The scoring system flips in favor of DK when we start moving up the pricing list to the stud centers. Players like Joel Embiid, Nikola Jokic, and Nikola Vucevic consistently score better on DK because of regular double-doubles and a less punishing turnover score. These high-usage post players have reliably higher turnover numbers, but are not penalized as harshly as they are on FD/Yahoo.
Why does this matter? In the grand scheme of things we are sometimes talking about a couple points or fractions of points. In DFS, while information is more readily available and the edge that once existed among grinders is shrinking, any small advantage we can identify should be prepared to use in our favor. Especially on FanDuel where you are locked into one center, knowing the right plays at the right time can be the difference between a cash line and bust.
The cheap chalk tonight is clearly going to be Boban the Great, but if you are looking to differentiate, the following deserve a look:
DeMarcus Cousins ($7,600) – A recently got a news alert that read “Cousins no longer has a minutes limit.” Music to my ears. As long as the price stays under $9K with no minutes restriction, we should be jumping on Cousins as often as we can. The Warriors, despite being the 10th fastest team in Pace this season, get the biggest Pace bump of the night against Sacramento and are projected to score 3.3 more points per 100 possessions. Combine that with matchup against a team ranked 24th in defensive efficiency against centers and I am running to grab Cousins tonight. On a team with Curry, Thompson, Durant et al, Cousins is still demanding a 25.5% usage rate and is averaging 1.4 fantasy points per minute.
Al Horford ($8,000) – I would certainly want to pay $400 less for Cousins tonight in a track meet game, but if you really want to go YOLO tonight, Horford might be your man. The Celtics are projected for a 2.6 point pace bump tonight, despite the match-up against a stout Bucks defense. But the one vulnerable spot on Milwaukee is against centers, where they rank 29th of 30 teams. Horford has played in one of the two games against the Bucks this year, netting 36 FD points back in November. I wish the price was back in the mid-7K range we saw before the break, but the potential is still there for Horford to 5x his price tonight.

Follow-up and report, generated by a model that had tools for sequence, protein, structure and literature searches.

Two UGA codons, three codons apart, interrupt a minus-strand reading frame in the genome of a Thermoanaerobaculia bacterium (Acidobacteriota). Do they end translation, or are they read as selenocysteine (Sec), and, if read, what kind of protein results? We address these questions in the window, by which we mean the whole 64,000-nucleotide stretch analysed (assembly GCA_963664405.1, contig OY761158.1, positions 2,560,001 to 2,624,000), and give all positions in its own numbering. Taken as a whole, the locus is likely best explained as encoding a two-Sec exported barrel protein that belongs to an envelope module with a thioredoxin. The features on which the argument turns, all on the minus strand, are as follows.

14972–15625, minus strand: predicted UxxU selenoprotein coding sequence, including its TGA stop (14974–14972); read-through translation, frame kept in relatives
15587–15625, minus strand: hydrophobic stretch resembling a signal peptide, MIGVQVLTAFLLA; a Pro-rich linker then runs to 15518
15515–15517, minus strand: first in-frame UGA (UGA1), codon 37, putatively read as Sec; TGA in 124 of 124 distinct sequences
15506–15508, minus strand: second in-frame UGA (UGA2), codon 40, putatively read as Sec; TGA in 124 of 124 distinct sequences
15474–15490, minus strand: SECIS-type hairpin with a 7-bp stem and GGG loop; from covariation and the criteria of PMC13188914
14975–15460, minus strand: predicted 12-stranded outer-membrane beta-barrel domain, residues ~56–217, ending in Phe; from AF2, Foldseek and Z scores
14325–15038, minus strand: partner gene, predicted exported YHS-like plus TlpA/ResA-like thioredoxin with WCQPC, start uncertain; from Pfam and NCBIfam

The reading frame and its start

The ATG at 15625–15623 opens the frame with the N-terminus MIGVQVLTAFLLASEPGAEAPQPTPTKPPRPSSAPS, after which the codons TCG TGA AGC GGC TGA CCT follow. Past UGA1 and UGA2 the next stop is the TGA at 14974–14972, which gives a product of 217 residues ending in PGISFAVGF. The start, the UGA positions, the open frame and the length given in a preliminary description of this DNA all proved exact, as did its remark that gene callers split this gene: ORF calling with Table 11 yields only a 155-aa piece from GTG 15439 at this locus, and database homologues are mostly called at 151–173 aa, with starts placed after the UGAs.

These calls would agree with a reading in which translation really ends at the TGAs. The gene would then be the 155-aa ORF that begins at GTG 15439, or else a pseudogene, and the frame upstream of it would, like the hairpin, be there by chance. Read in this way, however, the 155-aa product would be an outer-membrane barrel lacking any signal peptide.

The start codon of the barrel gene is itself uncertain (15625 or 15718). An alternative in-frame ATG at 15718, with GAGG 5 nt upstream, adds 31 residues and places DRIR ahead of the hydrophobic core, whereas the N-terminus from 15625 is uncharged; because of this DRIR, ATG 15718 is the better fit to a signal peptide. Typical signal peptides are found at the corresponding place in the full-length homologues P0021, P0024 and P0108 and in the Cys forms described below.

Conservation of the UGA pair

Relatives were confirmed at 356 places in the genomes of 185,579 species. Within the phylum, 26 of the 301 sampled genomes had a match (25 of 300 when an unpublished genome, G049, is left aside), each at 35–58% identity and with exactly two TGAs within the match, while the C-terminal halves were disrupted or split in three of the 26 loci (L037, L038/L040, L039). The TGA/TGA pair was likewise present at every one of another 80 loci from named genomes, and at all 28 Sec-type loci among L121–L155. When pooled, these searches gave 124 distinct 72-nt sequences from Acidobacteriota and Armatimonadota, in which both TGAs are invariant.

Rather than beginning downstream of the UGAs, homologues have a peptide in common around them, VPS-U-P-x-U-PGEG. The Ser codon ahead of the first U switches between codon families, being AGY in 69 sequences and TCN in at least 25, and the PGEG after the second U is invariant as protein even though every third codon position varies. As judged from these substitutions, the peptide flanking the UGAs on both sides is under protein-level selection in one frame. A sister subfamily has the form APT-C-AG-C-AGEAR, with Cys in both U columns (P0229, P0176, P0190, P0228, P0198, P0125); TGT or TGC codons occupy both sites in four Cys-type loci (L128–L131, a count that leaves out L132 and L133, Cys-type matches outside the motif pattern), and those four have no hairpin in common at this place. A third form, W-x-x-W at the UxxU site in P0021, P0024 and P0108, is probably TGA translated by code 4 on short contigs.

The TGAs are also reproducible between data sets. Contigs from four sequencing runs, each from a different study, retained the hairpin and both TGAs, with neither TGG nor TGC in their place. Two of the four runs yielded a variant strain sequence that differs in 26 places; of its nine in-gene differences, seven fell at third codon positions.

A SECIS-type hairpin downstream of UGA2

Jusuf Nurkic ($8,100) – Keeping with the theme, I would also want to pay just $100 more for Nurkic than I would for Horford, but there is one substantial question in Portland we need to solve to have full confidence in Nurkic. Obviously, we know what centers do to Brooklyn. They allow the third most FD points and real-life points to the position and have routinely been destroyed by players a lot less talented than Nurkic (i.e. 14 points, 11 rebounds, and six block for Al Horford). But with Enes Kanter joining the team post-break there is a wrinkle here that deserves monitoring. Will Kanter get traditional backup big-man minutes? Will the Blazers try to keep Nurkic fresh for the playoffs? His minutes are slightly down to only 27.3 per game, and while that’s plenty of time to destroy the Nets, if we start seeing a more 25-23 split in minutes among the two centers, I may have to rethink my usage.
But on the positive side, the Nets are 30th in the defense vs. archetype tool against players similar to Nurkic and with Embiid sitting tonight, Nurkic does project to have the highest point total for the position. On a fantasy points per minute basis, we have no worries about the Blazers big man tonight, but it’s the minutes we must watch. Tread carefully.